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To Blow or NOT to Blow: DWI Risks + Watch Outs in Arkansas

DWI stopIf you are pulled over in Arkansas, and the officer suspects intoxication, then the officer will most likely administer a field sobriety test and request a breathalyzer test to determine your condition. Refusing a breathalyzer test is becoming an increasingly common strategy when pulled over for a suspected DWI. Is it a good idea?

The short answer is: It depends on the facts and circumstances of your case.

First, you should understand that refusing a breathalyzer test is within your rights, but it is not without consequences. You should understand that when you apply for a driver’s license, you have indicated your consent to those tests. It is called implied consent. Almost all states have implied consent laws and because of those laws, you may have your license suspended and be required to pay a fine for refusing to take the test. The period of time and the amount of the fine varies from state to state, but in Arkansas, it is six months.

Know your rights if you are stopped for DWI:

You have the right to refuse a breathalyzer test or a blood sample test.

You have a right to refuse a field sobriety test.

Many attorneys will advise you to refuse all of the above. I have been a practicing attorney for over 43 years. I have worked in the criminal justice system as a city prosecutor; state prosecutor; defense attorney; circuit judge; and a state Supreme Court Justice. I have worked in and been involved in the criminal justice system most of my adult life.

MY ADVICE IS:
Rule #1 – You do not consume any amount of alcoholic beverage and/or impairing drugs, and operate a motor vehicle of any kind. Very simply, you do not want to be on the side of the road arguing about how many drinks you have had.

Now with that bit of advice out of the way:

What should you do if you’re pulled over for DUI?

  • Follow all lawful commands.
  • Always be polite, courteous and respectful.
  • Remember: The law enforcement officer does not know what he or she is walking up on.
  • That said, if you have not had any alcoholic beverages and/or impairing drugs, and you have no reason to believe you cannot pass a test… If you do not want to spend a miserable evening and possibly a lot of money… then my advice is to cooperate and take the field sobriety test, portable breathalyzer and breathalyzer test.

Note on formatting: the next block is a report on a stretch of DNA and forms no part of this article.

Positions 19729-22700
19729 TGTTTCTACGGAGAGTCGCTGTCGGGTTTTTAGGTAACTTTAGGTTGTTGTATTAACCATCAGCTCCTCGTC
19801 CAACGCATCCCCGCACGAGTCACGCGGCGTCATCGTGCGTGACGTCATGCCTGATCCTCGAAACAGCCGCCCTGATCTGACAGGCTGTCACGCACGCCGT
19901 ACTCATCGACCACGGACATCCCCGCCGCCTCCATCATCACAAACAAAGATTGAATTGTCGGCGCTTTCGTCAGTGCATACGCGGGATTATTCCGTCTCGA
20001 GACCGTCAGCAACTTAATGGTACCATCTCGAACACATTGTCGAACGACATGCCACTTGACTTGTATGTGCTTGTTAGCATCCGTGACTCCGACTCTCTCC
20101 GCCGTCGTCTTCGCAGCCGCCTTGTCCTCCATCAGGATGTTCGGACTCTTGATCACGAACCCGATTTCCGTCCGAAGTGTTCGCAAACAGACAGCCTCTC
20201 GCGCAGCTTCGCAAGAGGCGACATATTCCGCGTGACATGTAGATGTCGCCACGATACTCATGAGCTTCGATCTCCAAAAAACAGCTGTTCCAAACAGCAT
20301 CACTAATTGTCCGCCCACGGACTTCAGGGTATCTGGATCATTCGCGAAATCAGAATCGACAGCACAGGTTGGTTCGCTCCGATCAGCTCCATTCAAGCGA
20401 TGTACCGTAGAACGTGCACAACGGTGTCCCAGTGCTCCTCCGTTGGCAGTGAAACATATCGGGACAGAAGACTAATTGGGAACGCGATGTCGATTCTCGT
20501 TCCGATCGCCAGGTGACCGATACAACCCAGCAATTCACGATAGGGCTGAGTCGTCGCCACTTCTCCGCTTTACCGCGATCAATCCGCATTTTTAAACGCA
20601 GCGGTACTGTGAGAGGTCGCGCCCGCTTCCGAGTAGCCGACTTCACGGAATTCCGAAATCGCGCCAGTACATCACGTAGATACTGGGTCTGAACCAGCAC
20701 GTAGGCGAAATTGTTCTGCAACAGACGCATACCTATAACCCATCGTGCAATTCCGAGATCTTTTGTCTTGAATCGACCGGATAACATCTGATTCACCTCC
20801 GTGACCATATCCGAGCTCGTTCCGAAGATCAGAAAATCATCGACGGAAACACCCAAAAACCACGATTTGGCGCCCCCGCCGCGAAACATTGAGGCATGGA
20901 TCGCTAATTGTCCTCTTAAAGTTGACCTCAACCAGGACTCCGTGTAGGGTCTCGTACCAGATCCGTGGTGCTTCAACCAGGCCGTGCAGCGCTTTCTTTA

• On the other hand, if you have consumed alcoholic beverages and/or impairing drugs, and you DO have reason to believe you cannot pass a test, then you should respectfully decline and respectfully tell the officer you want to talk to an attorney before you say anything.
  • You will most likely go to jail. And anything you say or do at that time will provide law enforcement with evidence they will use to convict you.
  • You will be charged with refusing the test, as mentioned earlier. You will most likely also be charged with a DWI.
  • The criminal penalty for DWI is much greater than refusing the test.
  • Before you make any admissions, just respectfully say: “I would like to speak with my attorney before answering any questions. I respectfully refuse to take any tests.”

Arkansas has very strict DWI laws.

For example, Arkansas is a state that does not allow defendants a plea deal to reduce a drunk driving charge. As said earlier, determining the best strategy involves knowing how to apply Arkansas drunk driving laws to each particular case. If you find yourself in this situation, I suggest you talk to an experienced DWI attorney to discuss your specific legal situation.

In summary, because of the seriousness of the charge, I do not subscribe to the advice of some attorneys to always refuse any test. It depends on the facts and circumstances of each case.

What’s the difference between DWI and DUI?

DUI stands for “driving under the influence.” DWI stands for “driving while intoxicated.” While these may sound like the same offense, many states treat these as separate crimes. If you live in a state that classifies them separately, it’s important to know the difference. DUI is the lesser charge, meaning the driver is less impaired than if it’s classified as DWI. In other states, DUI is used when the driver is under the influence of drugs.

Author: Paul Danielson

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